As has been the case for every groundsman throughout the UK, the past two years have proven challenging. The drought of winter 2011-12 gave way to a deluge of rain that has continued into 2013. Add cold winter weather and, well there is no point in going on about what we all know.
Simon Lee, Head Groundsman at Somerset County Cricket Club, has been with the club since 2001 and says he has not really done anything different at the Taunton grounds over this past autumn and winter than he would have in a more normal year.
His timings may have altered to reflect prevailing weather but the routine scarifying, re-seeding, mowing, rolling and turf treatment regimes have all been carried out as 'normal'.
"The main thing I have done is to keep a close eye on things," says Simon. "The grass has coped well; it has been under water at times. Root growth has also been slower as the turf has not needed to go down to find moisture. But the key is to know what is going on and react accordingly. We carry out a number of simple maintenance tasks, the trick being to do them at the right time and do them over and over again."
When he became Head Groundsman in 2010, Simon noted that the outfield had a few bare patches where fescue and bent varieties in the existing sward had died due to the dry summer and a thatch layer.
We worked on the outfield that winter to remove the thatch and reseeded with fescues and bent grasses but due to a dry winter they didn't take so we then moved onto the 100% rye grass mix the next winter for reseeding.
"Ryegrass does well on this ground," he says. "We mow the outfield to 18 to 20mm in season and retain the same height for the squares over winter. This higher cut helps stop the grass in the squares struggling and promotes good establishment ahead of play.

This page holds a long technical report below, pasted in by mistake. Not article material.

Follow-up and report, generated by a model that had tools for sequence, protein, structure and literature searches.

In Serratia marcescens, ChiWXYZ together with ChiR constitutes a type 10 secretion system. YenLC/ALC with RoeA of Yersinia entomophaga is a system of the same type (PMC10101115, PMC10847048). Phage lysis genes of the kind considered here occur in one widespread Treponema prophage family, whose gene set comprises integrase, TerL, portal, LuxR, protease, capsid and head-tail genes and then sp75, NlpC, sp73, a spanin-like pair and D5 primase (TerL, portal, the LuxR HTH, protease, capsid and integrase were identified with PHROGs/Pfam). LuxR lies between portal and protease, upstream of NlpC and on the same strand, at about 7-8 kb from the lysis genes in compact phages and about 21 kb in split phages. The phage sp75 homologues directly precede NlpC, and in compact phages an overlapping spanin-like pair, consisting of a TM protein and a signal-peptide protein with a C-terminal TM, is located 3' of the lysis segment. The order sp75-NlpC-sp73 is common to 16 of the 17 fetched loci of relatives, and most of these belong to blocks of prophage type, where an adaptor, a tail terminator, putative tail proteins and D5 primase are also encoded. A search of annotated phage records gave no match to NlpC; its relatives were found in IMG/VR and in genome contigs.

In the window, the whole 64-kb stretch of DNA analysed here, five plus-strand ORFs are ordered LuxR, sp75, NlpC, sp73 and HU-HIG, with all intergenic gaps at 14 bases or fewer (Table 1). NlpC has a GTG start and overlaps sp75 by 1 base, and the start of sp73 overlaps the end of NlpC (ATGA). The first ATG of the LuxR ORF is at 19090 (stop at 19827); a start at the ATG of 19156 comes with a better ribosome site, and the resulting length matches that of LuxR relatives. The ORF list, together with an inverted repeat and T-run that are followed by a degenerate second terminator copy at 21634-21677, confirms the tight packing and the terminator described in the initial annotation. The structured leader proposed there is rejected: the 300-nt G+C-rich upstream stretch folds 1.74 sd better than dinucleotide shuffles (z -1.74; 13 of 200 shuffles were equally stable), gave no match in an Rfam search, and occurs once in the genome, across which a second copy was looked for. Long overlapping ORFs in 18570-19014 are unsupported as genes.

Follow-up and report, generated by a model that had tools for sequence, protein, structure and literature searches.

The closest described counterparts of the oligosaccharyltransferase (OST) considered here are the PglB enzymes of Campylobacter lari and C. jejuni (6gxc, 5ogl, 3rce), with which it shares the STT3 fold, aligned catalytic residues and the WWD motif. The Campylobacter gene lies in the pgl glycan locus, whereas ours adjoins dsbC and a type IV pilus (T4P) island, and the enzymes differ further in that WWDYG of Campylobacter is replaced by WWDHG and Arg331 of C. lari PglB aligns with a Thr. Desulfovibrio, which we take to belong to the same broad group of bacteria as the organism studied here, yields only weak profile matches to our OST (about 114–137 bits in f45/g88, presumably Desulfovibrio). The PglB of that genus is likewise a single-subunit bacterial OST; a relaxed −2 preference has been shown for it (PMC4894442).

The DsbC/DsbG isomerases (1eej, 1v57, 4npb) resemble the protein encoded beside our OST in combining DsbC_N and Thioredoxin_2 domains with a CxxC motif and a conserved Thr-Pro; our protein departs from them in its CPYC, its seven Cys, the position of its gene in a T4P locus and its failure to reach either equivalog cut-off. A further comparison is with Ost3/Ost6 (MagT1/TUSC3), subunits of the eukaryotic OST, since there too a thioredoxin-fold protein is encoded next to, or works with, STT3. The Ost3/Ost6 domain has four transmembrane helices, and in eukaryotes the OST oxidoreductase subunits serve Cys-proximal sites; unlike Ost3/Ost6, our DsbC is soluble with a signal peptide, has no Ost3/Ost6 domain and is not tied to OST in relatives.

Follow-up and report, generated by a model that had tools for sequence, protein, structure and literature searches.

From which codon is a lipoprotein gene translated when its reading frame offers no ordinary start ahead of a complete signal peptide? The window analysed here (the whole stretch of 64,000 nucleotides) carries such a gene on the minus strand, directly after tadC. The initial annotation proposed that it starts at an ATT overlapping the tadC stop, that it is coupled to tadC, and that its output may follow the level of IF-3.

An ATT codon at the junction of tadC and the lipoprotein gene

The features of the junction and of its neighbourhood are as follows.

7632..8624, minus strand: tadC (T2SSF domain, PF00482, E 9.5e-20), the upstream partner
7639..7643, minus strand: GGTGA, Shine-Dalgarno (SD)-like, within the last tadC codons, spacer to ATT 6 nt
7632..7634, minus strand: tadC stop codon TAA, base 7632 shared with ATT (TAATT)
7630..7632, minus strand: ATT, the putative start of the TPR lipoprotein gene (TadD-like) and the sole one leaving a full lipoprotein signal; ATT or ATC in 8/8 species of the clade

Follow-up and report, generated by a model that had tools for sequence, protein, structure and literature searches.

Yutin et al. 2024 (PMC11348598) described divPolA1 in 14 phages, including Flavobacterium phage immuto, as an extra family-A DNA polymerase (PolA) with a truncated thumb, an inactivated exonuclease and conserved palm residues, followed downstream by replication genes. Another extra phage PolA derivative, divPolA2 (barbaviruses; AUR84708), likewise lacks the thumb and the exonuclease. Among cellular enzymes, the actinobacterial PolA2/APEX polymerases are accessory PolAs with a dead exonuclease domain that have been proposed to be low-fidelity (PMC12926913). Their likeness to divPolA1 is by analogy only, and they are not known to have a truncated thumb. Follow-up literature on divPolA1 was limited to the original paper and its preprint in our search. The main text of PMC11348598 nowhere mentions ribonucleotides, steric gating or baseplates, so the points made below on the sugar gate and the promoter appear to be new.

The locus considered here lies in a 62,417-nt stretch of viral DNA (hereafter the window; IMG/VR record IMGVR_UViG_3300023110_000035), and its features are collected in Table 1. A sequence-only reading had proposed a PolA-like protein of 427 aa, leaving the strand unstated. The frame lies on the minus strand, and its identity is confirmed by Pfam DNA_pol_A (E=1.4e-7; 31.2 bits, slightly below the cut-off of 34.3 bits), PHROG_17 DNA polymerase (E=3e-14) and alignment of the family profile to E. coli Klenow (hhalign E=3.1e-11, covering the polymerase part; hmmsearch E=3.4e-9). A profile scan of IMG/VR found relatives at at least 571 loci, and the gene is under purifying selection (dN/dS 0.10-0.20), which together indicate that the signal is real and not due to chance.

Keeping the outfield grass trimmed to a height that is somewhat higher is to do more with how the ground plays. Our short boundaries need to be countered by reducing the ball speed to prevent too many fours. It makes play fairer."
The squares are overseeded with Johnson Premier Wicket, a perennial ryegrass mix formulated with 50% Dickens 1 and 25% of both Chardin and, new for 2013, Natasha. Combining rapid establishment, high disease resistance and a tolerance of close mowing, Premier wicket also has an attractive colour.
The latter is something appre ciated by players and spectators alike. For the outfields, Simon has adopted Johnson Court for the job. This ryegrass mix again contains Natasha for 2013 at 50%, with Libero making up the balance.
"In season we switch to Ji Premier Wicket with the Johnsons iSeed nutrient coating," adds Simon. "iSeed helps promote fast germination and establishment, key factors in ensuring the squares can be enhanced between play.
We punch holes into the turf, broadcast the seed on top and then brush it in. This works well. Typically we use around 10 bags of iSeed coated mixes in the summer, the nutrient coat ensuring the grass gets off to a good start as it germinates."
Simon is diligent to the need of the turf throughout the year but is particularly attentive as it enters winter. A light dressing of nitrogen fertiliser in October or into November is applied to help the grass keep growing in colder weather, with constant attention to seek out any problems.
If mild, the grass will be cylinder mown as required, rotary mowing having been dropped to ensure a good clean and even cut out of season.
"I will apply fungicide and some amino acid as I see fit, but along with rolling, scaryfing and mowing that is about it," adds Simon. "The key is to ensure the ground is overseeded and populated with the right grass species and varieties to suit the ground.
A ryegrass mix for both outfield and squares really suits us at Taunton. The turf plays well and has a good appearance too."